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  ELECTROKINETIC REMEDIATION  
 


Electrokinetic remediation is an environmental restoration technique especially designed for the in situ treatment of contaminated soils. The technique is based on the application of a direct electric potential to the contaminated soil by a series of electrodes (anodes and cathodes). The application of the electric potential induces a variety of reactions and transport processes in the contaminated soil, which result in the mobilization and transport of the contaminants towards the anode or cathode electrodes.

 
 

 

1) Soil specimen
2) Porous stones
3) Electrodes
4) Electrode Chambers
5) Auxiliary electrodes
6) Gas Valve

 
  PHYTOREMEDIATION - ELECTROKINETICS  
 

The combination of phytoremediation and electrokinetics has been proposed in an attempt to avoid, in part, the limitations of phytoremediation. Basically, the coupled phytoremediation-electrokinetic technology consists of the application of a low intensity electric field to the contaminated soil in the vicinity of growing plants. The electric field may enhance the removal of the contaminants by increasing the bioavailability of the contaminants. Variables that affect the coupled technology are: the use of AC or DC current, voltage level and mode of voltage application (continuous or periodic), soil pH evolution, and the addition of facilitating agents to enhance the mobility and bioavailability of the contaminants. Several technical and practical challenges still remain that must be overcome through future research for successful application of this coupled technology at actual field sites.

 
  MINE SITE REMEDIATION: Sediments and mine tailings  
 

The removal of heavy metalsfrom acid lake sediment and mine tailing is possible by electrokinetics, although the but the efficiency of the separation is very dependent on the metal speciation in the solid matrix. It is possible to remove heavy metals from fractions I-IV (exchangeable, weakly absorbed, hydrous-oxide bound, organic linked (as described by Tessier et al. 1979) whereas the fraction V (metal in the mineral lattice) is not removed. Preliminary results suggest that the appropriate selection of treatment time and operating conditions may result in an effective removal of the contaminant metals from sediments and mine tailings.

 
  PHYTOCAPPING  
 

Phytocapping is proposed as a practical technology for the remediation of mine tailings and abandoned mine sites. Phytocapping is cost effective, environmental friendly technology and has multifunctional role against to various problems of mine tailings: it provides erosion control, landscape rehabilitation, enhances the soil properties for further colonization of other more demanding vegetal species, reduces the leachability of metals downwards the groundwater, and favors the immobilization of metals forming less bioavailable species. The most critical step in phytocapping is the developing of the first vegetal cover due to the biotoxicity of the mine soil and mine tailings. Several amendment materials can be used to ameliorate the soil conditions creating a favorable environment for the rooting of plants, as well as serving as a source of nutrients. Local plant species with fast growing are preferable for revegetation because they are adapted to the soil and climate conditions.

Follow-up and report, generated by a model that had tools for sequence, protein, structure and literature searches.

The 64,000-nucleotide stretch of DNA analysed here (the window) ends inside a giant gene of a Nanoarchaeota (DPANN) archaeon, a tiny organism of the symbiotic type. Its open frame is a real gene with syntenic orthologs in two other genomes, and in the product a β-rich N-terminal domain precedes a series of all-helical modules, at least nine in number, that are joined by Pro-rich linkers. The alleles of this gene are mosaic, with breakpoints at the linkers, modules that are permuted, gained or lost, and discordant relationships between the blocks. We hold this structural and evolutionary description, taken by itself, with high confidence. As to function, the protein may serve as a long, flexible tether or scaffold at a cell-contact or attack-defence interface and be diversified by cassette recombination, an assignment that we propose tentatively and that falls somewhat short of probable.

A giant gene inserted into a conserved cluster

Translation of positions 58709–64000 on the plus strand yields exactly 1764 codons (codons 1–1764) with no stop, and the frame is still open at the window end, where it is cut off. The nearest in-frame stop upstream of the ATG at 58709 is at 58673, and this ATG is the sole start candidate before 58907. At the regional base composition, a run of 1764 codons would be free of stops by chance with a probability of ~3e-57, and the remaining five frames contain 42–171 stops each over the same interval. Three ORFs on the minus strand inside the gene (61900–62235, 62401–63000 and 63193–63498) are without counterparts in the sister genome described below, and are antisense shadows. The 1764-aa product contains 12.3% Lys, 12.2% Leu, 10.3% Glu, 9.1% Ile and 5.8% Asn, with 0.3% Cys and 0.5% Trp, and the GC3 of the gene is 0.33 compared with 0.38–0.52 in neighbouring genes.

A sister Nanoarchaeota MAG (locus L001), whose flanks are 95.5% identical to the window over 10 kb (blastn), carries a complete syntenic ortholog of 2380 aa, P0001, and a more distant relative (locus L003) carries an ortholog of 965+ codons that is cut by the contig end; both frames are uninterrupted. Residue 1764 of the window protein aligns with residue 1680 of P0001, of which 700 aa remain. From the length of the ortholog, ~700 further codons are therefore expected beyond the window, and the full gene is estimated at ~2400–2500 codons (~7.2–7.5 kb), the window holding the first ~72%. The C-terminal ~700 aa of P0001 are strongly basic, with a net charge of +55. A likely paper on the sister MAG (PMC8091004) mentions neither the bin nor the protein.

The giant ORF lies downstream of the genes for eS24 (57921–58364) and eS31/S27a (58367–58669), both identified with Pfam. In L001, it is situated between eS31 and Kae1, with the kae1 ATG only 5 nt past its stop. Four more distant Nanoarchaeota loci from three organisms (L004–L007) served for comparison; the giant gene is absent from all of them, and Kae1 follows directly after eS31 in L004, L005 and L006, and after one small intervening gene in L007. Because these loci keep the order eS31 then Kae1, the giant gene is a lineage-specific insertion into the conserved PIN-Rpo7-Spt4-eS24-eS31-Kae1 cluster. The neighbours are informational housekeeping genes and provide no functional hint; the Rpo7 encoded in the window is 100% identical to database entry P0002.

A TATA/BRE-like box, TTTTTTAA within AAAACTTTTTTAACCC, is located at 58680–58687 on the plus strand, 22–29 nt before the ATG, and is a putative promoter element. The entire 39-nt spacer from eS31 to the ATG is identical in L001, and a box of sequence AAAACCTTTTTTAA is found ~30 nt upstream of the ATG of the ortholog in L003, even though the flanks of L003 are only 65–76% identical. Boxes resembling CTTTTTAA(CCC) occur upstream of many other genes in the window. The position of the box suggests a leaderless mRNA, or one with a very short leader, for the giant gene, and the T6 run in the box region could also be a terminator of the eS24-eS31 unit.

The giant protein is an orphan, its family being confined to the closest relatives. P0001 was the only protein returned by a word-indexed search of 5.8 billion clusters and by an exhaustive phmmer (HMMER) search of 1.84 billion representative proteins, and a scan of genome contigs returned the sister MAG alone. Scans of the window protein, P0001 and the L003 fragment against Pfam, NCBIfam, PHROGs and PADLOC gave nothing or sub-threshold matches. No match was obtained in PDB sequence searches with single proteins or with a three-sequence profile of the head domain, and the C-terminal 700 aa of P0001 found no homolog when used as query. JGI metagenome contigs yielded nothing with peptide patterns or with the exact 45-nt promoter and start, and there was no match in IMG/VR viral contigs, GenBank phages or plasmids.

ELECTRO-BIOREMEDIATION  
 

Bioremediation uses the capability of microorganisms to degrade or remove contaminants in soil and groundwater. The main drawbacks of bioremediation are related with the bioavailability of contaminants, nutrients supply and the availability of electron donors/acceptors as a key element in the metabolic reactions. These limitations can be overcome with the combination of electrokinetics with bioremediation in a coupled technology often called electrobioremediation. Electrokinetics can be used for the effective supply of nutrients or any other compound to improve the microbial activity in the soil. The redox reaction on the electrodes may act as an effective source of electron donors/acceptors for the metabolic reactions. The electric field may also transport bacteria in soil and contaminants, even in short distances, favoring the contaminants to be available for the microorganisms (increasing bioavailability), and the biodegradation rate. The success of the electrobioremediation relies on the enhancing of biodegradation without causing significant damage to the microorganisms. Thus, the main variables that may affect the coupled electrobioremediation technology will be: voltage, current intensity, type of current: AC/DC, mode of operation (continuous, periodic, polarity inversion), electrode nature and stability, addition of nutrients, and other facilitating agents.

 
     
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